Homeless Encampment on Fletcher Parkway
Transient at Collier Park

It may be an oversimplification, but Laura feels there are two basic types of homelessness: the "entrenched," which encompasses those who have lived in public spaces for a long time and suffer from mental illness and/or alcohol and drug addictions. The other category would be the short term people who have fallen on hard times and need temporary help.

Those in the first category pose a mighty challenge - a challenge that must be tackled at county or state level. Cities that try to help the entrenched homeless often spend hundreds of thousands/millions/billions in taxpayer dollars to fix homelessness and usually end up attracting more homeless to their communities; there are never enough beds or rooms and the spillover into the surrounding area brings unsanitary conditions, increased crime, reduced real estate values and businesses avoiding the area.

It does not make economic sense to build homeless shelters in high-rent/high-density areas like Malibu, LA, San Francisco or La Mesa. Facilities that can house the entrenched homeless and offer them shelter from the elements, beds, medical care, counseling, nutrition, etc., should be built where real estate is inexpensive and the communities welcome the economic boon that could be brought by such facilities. Laura advocates for La Mesa connecting with other cities throughout San Diego County to make this happen.

People suddenly facing hard times - perhaps from losing their job to the COVID shutdown, which saw millions of jobs lost - are best helped by those jobs coming back and a strong economy providing jobs. The easier local governments make it for businesses to open their doors, stay open and hire people, the less homeless or on the verge of homeless we will have.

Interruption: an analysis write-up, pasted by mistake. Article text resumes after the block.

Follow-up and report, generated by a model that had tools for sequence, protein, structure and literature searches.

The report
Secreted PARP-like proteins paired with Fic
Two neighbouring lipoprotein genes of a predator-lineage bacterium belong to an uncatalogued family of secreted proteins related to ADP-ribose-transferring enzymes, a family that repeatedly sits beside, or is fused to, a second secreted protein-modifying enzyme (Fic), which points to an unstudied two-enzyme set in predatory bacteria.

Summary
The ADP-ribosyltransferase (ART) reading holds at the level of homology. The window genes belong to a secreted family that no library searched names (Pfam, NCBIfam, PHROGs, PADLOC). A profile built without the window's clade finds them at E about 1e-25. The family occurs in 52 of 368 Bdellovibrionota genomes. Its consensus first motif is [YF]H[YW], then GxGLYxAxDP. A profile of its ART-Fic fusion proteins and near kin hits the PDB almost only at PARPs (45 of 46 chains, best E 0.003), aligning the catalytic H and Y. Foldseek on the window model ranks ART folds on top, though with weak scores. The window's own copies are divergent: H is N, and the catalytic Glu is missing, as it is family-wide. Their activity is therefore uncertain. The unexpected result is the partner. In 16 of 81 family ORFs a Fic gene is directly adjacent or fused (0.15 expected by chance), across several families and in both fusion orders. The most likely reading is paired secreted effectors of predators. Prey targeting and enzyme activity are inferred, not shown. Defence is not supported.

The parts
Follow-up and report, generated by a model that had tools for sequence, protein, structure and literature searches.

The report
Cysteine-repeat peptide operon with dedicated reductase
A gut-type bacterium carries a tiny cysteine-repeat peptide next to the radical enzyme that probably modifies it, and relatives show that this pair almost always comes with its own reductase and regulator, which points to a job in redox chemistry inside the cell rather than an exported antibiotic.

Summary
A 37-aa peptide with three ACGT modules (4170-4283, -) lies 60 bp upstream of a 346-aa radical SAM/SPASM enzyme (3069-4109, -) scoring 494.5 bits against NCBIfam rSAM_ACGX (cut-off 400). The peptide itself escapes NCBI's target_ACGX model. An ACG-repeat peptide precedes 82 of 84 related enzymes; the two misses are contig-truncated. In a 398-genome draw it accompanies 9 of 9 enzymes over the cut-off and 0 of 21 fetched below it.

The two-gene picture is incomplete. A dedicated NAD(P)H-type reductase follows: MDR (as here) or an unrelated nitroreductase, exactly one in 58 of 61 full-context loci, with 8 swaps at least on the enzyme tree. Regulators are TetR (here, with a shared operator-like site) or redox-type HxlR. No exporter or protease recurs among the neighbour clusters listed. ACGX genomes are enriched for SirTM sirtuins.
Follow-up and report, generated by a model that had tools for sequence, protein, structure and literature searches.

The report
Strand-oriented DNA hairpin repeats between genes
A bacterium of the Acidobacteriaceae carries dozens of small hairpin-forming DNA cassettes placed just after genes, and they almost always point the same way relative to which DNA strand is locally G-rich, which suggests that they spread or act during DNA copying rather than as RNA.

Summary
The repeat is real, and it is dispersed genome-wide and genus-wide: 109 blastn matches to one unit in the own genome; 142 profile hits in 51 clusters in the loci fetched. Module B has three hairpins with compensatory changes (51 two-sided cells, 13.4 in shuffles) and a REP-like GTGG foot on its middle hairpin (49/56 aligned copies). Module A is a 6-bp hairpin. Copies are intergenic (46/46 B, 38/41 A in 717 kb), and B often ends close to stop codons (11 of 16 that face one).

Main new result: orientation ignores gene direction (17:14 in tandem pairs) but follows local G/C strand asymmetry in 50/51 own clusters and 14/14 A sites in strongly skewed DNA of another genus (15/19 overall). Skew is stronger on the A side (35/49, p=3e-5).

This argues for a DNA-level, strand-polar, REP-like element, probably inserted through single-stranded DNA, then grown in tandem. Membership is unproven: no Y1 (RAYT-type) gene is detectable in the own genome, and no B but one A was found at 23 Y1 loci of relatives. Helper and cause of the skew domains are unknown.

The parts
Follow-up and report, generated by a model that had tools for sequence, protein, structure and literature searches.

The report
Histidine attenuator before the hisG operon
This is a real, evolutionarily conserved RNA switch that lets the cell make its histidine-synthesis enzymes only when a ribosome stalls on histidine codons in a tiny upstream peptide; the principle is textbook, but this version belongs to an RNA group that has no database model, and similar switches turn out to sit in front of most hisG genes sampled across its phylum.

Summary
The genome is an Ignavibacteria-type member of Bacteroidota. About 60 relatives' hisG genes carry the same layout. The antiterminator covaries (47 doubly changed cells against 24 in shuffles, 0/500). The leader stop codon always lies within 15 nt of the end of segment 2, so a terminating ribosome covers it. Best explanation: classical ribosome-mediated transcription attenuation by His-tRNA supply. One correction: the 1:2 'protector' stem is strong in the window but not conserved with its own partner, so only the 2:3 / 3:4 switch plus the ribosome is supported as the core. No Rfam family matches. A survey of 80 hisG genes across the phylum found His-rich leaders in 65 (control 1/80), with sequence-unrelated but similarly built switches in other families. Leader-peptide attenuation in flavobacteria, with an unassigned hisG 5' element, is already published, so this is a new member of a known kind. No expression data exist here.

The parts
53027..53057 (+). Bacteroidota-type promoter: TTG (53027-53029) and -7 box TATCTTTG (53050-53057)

In 2002, Laura fell on hard times. She went through a divorce and lost her home to foreclosure. Being a stay at home mom and not having worked in over 12 years, Laura was unemployed and could not provide a home for herself and her family. She lived on friends' couches and when that wasn't possible, occasionally slept in her car. Her daughters lived in Mexico with Laura's mother and her son lived in Orange County with his grandparents. It took Laura one year to land on her feet, afford a rental and get her kids back with her under one roof.

Thankfully for Laura, Help-U-Sell Realty La Mesa hired her as a receptionist in late 2002. She earned her real estate license in 2003, became a Top 1% Realtor in San Diego County and has earned the distinction of having sold the most homes in La Mesa since 2003. She is a proud La Mesa homeowner, owns rental properties and was able to put her three children through college.

Would that have happened had Laura enrolled in homeless housing and programs? Maybe, maybe not. Sometimes being given things removes motivation and motivation is a prime driver of success. As a member of City Council, Laura will work to provide a great environment for companies to thrive and expand. She feels the best way to do that is through regulatory relief.

P.S. For La Mesa, as an emergency option, porta-potties should be installed where people are using the bathroom in alleys and on buildings. Laura hesitates to make this permanent as she does not want to take any actions that could attract more homeless to La Mesa.